If fire hadn't gutted Oquirrh Elementary School, remodeling crews probably would have done it in the not-too-distant future.

That's because Utah school districts have all but abandoned the open-school concept and have been working as fast as their budgets allow to switch them to the traditional classroom environment."There are both life-safety and educational issues involved," said Bob Day, the Jordan School District's administrator of auxiliary services. "If you have walls, naturally they tend to retard a fire."

Utah's two largest districts - Granite and Jordan - are both systematically retrofitting all of their open schools. Oquirrh was among the eight in Jordan slated for conversion within the next five years.

Briant Farnsworth, assistant superintendent for elementary school services in the Granite School District, said changes in educational philosophy had a lot to do with the decision to convert the buildings.

The open or semi-open school concept - where two or more teachers work together with multiple classes in large, open settings - spread from England to the United States in the early 1970s. The architectural model was used in about two dozen, mostly elementary, schools in Salt Lake County.

But like bell bottoms, disco and other fads of that era, team-teaching and open schools lost a lot of their popularity in succeeding years. Today, open schools are no longer being built, and the 15 that remain in the Jordan and Granite districts are being converted at a cost of between $750,000 and $1.5 million each.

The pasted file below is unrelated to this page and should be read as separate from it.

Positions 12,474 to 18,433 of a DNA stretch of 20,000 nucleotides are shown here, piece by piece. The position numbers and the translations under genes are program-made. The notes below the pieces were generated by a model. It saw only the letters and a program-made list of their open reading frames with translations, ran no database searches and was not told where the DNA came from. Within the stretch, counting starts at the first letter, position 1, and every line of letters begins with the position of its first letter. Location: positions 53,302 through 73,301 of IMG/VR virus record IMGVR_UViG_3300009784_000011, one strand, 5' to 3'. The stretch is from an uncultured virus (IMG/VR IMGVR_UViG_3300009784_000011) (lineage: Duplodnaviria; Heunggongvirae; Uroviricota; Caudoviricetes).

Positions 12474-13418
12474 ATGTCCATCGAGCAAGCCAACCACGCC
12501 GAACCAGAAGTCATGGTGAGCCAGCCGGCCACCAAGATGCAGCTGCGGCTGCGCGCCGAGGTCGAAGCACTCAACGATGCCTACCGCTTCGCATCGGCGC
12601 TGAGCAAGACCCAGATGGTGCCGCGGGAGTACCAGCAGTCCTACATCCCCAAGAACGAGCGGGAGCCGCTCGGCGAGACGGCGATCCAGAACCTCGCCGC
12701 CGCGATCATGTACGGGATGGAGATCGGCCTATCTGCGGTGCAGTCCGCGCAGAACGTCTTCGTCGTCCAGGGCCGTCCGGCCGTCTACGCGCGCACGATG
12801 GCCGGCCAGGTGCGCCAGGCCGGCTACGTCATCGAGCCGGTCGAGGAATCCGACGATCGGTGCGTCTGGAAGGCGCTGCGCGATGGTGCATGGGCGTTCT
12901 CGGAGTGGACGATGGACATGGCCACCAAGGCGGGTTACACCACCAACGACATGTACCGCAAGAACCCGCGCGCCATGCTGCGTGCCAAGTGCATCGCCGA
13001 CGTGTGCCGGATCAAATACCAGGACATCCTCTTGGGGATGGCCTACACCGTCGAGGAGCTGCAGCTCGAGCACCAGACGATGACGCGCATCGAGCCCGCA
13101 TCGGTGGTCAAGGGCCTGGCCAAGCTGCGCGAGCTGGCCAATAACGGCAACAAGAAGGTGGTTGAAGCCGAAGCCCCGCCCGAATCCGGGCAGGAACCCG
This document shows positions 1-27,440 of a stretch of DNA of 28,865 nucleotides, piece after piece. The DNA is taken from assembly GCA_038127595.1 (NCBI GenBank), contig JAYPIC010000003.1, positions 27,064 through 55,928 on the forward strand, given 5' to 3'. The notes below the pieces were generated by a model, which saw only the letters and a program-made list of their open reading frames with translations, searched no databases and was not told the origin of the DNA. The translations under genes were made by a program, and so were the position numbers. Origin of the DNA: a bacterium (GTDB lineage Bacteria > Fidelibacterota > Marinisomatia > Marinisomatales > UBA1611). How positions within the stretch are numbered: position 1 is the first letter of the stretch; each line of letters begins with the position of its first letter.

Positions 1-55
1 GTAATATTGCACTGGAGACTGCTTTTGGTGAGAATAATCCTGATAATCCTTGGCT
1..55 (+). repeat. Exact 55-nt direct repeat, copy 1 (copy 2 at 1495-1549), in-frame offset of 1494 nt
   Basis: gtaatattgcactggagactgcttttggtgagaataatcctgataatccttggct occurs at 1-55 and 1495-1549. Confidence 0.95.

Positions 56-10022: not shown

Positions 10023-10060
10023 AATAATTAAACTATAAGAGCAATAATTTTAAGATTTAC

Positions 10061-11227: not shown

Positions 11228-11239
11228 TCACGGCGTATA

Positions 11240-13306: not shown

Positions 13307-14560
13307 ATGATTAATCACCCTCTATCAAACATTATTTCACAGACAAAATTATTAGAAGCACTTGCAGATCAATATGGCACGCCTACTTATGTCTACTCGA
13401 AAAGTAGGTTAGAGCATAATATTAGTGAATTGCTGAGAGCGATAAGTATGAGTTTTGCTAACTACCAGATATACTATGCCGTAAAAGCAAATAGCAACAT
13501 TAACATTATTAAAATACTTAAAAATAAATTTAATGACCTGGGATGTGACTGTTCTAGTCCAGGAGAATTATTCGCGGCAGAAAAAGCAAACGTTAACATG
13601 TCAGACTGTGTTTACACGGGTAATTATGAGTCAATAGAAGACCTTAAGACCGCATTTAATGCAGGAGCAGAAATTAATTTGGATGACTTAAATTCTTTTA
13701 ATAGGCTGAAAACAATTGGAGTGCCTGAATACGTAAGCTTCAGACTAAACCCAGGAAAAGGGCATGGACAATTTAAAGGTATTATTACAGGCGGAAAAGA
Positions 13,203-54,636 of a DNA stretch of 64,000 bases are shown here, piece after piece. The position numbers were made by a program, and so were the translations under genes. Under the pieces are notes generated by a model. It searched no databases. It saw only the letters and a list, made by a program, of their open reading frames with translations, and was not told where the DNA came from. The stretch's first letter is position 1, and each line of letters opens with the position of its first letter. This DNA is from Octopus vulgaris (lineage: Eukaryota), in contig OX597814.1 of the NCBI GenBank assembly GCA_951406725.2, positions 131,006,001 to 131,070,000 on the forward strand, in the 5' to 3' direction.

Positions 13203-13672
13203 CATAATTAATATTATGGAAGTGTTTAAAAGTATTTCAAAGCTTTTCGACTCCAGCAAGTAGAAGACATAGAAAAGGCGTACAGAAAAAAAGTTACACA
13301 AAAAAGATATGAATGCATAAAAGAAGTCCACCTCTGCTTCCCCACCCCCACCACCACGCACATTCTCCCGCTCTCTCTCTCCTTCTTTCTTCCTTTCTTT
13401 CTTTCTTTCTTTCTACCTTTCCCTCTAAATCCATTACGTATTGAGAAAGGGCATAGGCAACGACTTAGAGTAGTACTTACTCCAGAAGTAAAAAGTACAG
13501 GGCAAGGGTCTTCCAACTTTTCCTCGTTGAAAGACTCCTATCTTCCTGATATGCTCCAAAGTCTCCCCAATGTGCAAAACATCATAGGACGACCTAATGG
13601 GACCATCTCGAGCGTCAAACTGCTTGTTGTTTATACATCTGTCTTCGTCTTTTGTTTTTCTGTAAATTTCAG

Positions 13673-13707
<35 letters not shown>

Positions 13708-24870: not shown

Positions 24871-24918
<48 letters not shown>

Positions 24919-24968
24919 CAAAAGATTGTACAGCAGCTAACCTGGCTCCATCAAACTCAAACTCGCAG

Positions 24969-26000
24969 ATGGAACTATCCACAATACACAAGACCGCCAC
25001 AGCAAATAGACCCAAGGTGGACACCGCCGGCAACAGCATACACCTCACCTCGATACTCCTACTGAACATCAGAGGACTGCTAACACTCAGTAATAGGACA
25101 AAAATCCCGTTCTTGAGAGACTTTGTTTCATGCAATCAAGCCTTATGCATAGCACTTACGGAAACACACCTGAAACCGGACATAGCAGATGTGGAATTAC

Day said work will begin this summer on two of Jordan's eight open schools: Majestic, 7430 S. 1700 West, and Canyon View, 3050 E. 7800 South.

Jim Day (no relation), director of school facilities in the Granite District, said Frost Elementary, 3444 W. 4400 South, is next in line for retrofitting in Granite, to be followed by Farnsworth, 3751 S. 4225 West.

The process was under way long before Oquirrh burned down and was driven more by the teaching-environment issue than life safety, Jim Day said.

Farnsworth said open schools evolved out of a philosophy that an open and shared teaching environment would increase productivity. While some teachers still like that kind of environment, many others do not, he said.

In a shared setting, teachers must coordinate their work so that their classes don't conflict. Music and reading, for example, don't mix. In the traditional single classroom, a teacher has more flexibility.

Also, Farnsworth said some students had difficulty concentrating in open classes because there was so much else going on around them. Open schools were never very popular with parents, he added.

However, Farnsworth said some teachers in the remaining open schools are resisting the change because they have learned to thrive in the setting. Having taught in an open school himself, Farnsworth said, "They are really very nice and very effective environments."

From his perspective, Bob Day can't wait to see them go the way of mood rings. "We would wall them all up tomorrow if we had the money," he said.

School officials in both districts stress that open schools are safe. In fact, a fire in an open school is likely to be detected even faster than in a traditional configuration where closed spaces may conceal flames and smoke a longer time, they said.

If the Oquirrh fire had occurred on a school day, "it probably wouldn't have gotten away from us," Bob Day said.

Farnsworth agreed, saying, "What we're hearing is that if there had been people in Oquirrh, the structure would not have been lost."

And Farnsworth added that schools are well-prepared in case of fire. Regular fire drills have trained teachers and children to evacuate a building within a minute to a minute and half, he said.